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Conservation biology of the flora of erratic boulders

Erratic boulders are rocks that have been relocated, often across hundreds of kilometres, by glaciers during the Ice Ages. When they differ in their geology from the surrounding landscape (e.g. calcareous vs. non-calcareous), erratic boulders form habitat islands for regionally rare rock-dwelling cryptogams (bryophytes, ferns and lichens), which are specialists for the specific rock composition of erratic boulders. In many places, the cryptogam communities of erratic boulders are threatened because boulders have been destroyed as a result of land-use changes around boulders, the use of large boulders for sport climbing, and a lack of knowledge on the part of stakeholders regarding the special biodiversity on erratic boulders.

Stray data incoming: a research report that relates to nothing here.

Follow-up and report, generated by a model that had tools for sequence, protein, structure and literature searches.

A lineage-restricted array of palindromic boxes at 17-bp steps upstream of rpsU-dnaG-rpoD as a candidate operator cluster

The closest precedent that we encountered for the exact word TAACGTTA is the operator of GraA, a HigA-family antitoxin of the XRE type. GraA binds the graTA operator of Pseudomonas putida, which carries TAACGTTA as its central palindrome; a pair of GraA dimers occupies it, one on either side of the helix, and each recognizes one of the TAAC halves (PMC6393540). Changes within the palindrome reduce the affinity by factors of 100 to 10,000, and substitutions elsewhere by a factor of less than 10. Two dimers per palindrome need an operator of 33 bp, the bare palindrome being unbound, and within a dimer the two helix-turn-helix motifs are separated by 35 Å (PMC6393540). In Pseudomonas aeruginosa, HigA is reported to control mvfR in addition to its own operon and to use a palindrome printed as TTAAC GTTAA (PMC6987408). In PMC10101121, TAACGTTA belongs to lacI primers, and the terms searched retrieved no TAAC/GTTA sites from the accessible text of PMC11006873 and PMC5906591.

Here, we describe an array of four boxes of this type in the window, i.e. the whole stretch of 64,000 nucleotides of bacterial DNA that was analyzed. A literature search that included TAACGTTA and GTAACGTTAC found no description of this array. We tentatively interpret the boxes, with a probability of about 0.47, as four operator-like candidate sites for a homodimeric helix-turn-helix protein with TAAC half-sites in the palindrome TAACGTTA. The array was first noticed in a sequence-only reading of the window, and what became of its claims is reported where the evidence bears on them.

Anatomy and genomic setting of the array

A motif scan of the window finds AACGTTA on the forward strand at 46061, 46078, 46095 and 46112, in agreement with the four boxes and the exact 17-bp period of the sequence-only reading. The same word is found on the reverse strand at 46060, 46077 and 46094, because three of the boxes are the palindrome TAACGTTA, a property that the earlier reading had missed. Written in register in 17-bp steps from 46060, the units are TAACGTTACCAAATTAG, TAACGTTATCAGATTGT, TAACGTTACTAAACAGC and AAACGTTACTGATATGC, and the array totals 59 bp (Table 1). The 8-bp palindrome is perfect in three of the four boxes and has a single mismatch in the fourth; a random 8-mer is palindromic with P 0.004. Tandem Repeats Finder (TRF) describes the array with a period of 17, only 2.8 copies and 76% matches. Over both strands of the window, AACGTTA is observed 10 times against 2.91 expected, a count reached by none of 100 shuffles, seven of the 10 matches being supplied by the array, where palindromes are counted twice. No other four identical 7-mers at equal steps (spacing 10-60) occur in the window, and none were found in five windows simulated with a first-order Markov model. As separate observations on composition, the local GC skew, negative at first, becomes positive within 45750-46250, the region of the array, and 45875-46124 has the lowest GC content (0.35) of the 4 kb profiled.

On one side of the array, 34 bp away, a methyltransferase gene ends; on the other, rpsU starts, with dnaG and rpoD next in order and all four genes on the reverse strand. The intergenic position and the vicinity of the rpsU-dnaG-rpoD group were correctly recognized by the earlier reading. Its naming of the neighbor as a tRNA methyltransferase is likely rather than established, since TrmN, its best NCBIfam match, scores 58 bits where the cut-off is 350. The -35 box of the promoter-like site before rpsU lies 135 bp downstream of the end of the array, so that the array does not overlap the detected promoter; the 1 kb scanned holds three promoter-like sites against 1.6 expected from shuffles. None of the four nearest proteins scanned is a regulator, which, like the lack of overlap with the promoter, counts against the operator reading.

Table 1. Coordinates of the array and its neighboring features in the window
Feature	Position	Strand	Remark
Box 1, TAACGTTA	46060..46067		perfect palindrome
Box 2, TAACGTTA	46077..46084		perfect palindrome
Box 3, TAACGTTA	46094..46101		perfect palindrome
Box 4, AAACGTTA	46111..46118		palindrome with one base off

This project aimed to create an evidence-based foundation for the conservation of insular cryptogam communities on erratic boulders. The project was conducted as a doctoral thesis(PDF 13,3 MB) in collaboration with the WSL, ETH and Pro Natura.



The project was funded by the following foundations, associations, and governmental and non-governmental organisations (alphabetically listed):